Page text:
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Failing flash drives can be compensated for with regular backups. But you can avoid the issue entirely if it's inexpensive and easy to replace.

Hi, Leo. My 4 GB Soniq USB flash drive having performed well for a year or two with not a lot of writes, went unformatted. I'm not sure why. I thought I was treating it well. I have reformatted it, but should I trust it again? Or should I throw it away? ChkDsk says it's fine and I scanned for bad sectors but I'm just not sure. Thanks!

In this excerpt from Answercast #74, I look at the possible dangers in using a flash drive that is showing signs of failure... especially if it is not backed up.

Failing flash drives

You know, I'm really not sure either. The problem is that it depends on a lot of different factors that are kind of hard to judge from a distance.

If this is an inexpensive thumb drive, in other words, if it's not costing a lot to replace it, I wouldn't hesitate to chuck it. I would throw it away and get a new one.

Is it backed up?

On the other hand, the other approach that I would use if I wanted to continue to use this thumb drive, is I would make absolutely, positively, certain that it was always backed up. That whatever was on it could be lost, without warning, and that would be an inconvenience only - not a disaster.

I certainly wouldn't make it part of any critical processes, and I wouldn't keep any data on it that was only on it.

That would be one way to protect you from experiencing potentially fatal data loss - if this thing is really getting closer to its end of life.

Thumb drive cost and quality

That is certainly what I would do on a more expensive device. I would expect a more expensive device to last longer.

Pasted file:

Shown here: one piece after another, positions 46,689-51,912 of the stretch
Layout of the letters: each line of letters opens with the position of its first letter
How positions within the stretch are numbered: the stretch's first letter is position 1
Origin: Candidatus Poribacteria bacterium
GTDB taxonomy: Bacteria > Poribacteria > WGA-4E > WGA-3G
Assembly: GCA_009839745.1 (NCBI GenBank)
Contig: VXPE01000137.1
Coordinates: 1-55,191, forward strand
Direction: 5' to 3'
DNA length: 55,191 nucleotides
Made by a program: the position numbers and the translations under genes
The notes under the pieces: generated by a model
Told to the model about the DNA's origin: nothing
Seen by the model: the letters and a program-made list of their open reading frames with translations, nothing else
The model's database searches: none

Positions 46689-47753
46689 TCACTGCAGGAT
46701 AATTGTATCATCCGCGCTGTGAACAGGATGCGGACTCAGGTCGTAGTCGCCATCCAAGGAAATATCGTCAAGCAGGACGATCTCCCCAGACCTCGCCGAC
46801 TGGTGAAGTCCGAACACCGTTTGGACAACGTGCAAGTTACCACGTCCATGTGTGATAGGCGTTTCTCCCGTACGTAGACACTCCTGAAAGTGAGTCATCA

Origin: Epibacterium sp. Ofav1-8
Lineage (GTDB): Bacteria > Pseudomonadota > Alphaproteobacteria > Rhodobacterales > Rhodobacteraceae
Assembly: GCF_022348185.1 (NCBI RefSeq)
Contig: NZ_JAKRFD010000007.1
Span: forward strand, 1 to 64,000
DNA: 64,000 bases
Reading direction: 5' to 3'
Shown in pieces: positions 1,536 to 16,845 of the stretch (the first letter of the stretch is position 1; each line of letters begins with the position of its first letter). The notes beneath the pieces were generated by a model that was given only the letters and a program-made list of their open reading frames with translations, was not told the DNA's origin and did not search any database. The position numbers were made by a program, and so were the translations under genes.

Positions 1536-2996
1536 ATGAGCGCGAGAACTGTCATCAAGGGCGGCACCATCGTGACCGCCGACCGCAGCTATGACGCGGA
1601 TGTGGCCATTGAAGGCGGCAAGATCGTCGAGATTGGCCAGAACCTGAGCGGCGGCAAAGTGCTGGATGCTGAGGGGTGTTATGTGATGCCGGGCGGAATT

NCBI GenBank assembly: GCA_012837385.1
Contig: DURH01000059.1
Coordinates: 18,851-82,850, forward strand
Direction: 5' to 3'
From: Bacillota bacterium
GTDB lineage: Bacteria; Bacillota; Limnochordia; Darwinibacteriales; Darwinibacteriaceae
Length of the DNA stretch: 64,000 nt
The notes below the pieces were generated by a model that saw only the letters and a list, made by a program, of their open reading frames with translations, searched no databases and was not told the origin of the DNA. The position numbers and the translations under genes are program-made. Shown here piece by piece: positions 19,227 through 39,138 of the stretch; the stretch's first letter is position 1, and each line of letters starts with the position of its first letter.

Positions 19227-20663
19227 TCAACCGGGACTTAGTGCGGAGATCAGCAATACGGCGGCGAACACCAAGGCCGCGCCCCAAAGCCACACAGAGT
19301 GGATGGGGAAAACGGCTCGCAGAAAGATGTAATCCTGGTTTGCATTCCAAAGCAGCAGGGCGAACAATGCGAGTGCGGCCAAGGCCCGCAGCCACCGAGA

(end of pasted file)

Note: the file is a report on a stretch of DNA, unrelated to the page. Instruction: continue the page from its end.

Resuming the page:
The other thing, of course, is my comments about backing it up... you know what? Even it's working, even if you've never had a problem with it, you should always be backing up the contents of your USB drives! This is simply because "if it's in only one place, it's not backed up."

It doesn't necessarily take a hardware failure to lose all that data. You could lose the thumb drive - it happens all the time.

So, by all means, keep backing up your data (or hopefully start backing up your data) and give it a try. But, like I said, you may want to just avoid the issue entirely if it's inexpensive and easy to replace.

(Transcript lightly edited for readability.)

Article C6083 - November 29, 2012 « »

Leo Leo A. Notenboom has been playing with computers since he was required to take a programming class in 1976. An 18 year career as a programmer at Microsoft soon followed. After "retiring" in 2001, Leo started Ask Leo! in 2003 as a place for answers to common computer and technical questions. More about Leo.

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November 30, 2012 8:59 AM

How do you reformat a USB Flash Drive? (novice). Does "reformat" mean the same as "erase, delete" previous data off the drive & reuse it. How do I do this? thanks

The same as you would any drive. Easiest is to right click on the drive in Windows Explorer and click on "Format...". Yes, Formatting erases the drive - quick format does it in a way that is potentially recoverable, full format does not.

Paul Schmidt
November 30, 2012 9:03 AM

Two years is a decent life span for an inexpensive flash drive. Chuck it.

Also, DO NOT EVER run full formats or CHKDSK on these drives. It reduces life. Remember, these are not "mechanical spinners". It's flash memory.

Actually I disagree: full format is called for when you want to erase the actual data on the drive so that it can't be recovered. It writes to most every sector only once. CHKDSK is mostly a read operation and will not shorten the lifespan. If it writes, it's only to fix something that needs fixing, which is typically only a few sectors. The operation to avoid is DEFRAG, which writes to the drive heavily, shortening its lifespan, and doesn't even make sense on flash media.

Joe F
November 30, 2012 2:09 PM

A full format may be called for to remove sectors that are wearing out and causing disk read/write errors. Just because a few sectors are going bad doesn't mean the drive is failing. I have one flash drive that's 6 or 7 years old - it gets a full format several times a year to "freshen it up", and it still works well. CHKDSK is a read-only operation if you don't check the boxes to fix errors - that won't add any wear to the drive. Two years is still "new", unless it gets very heavy use.

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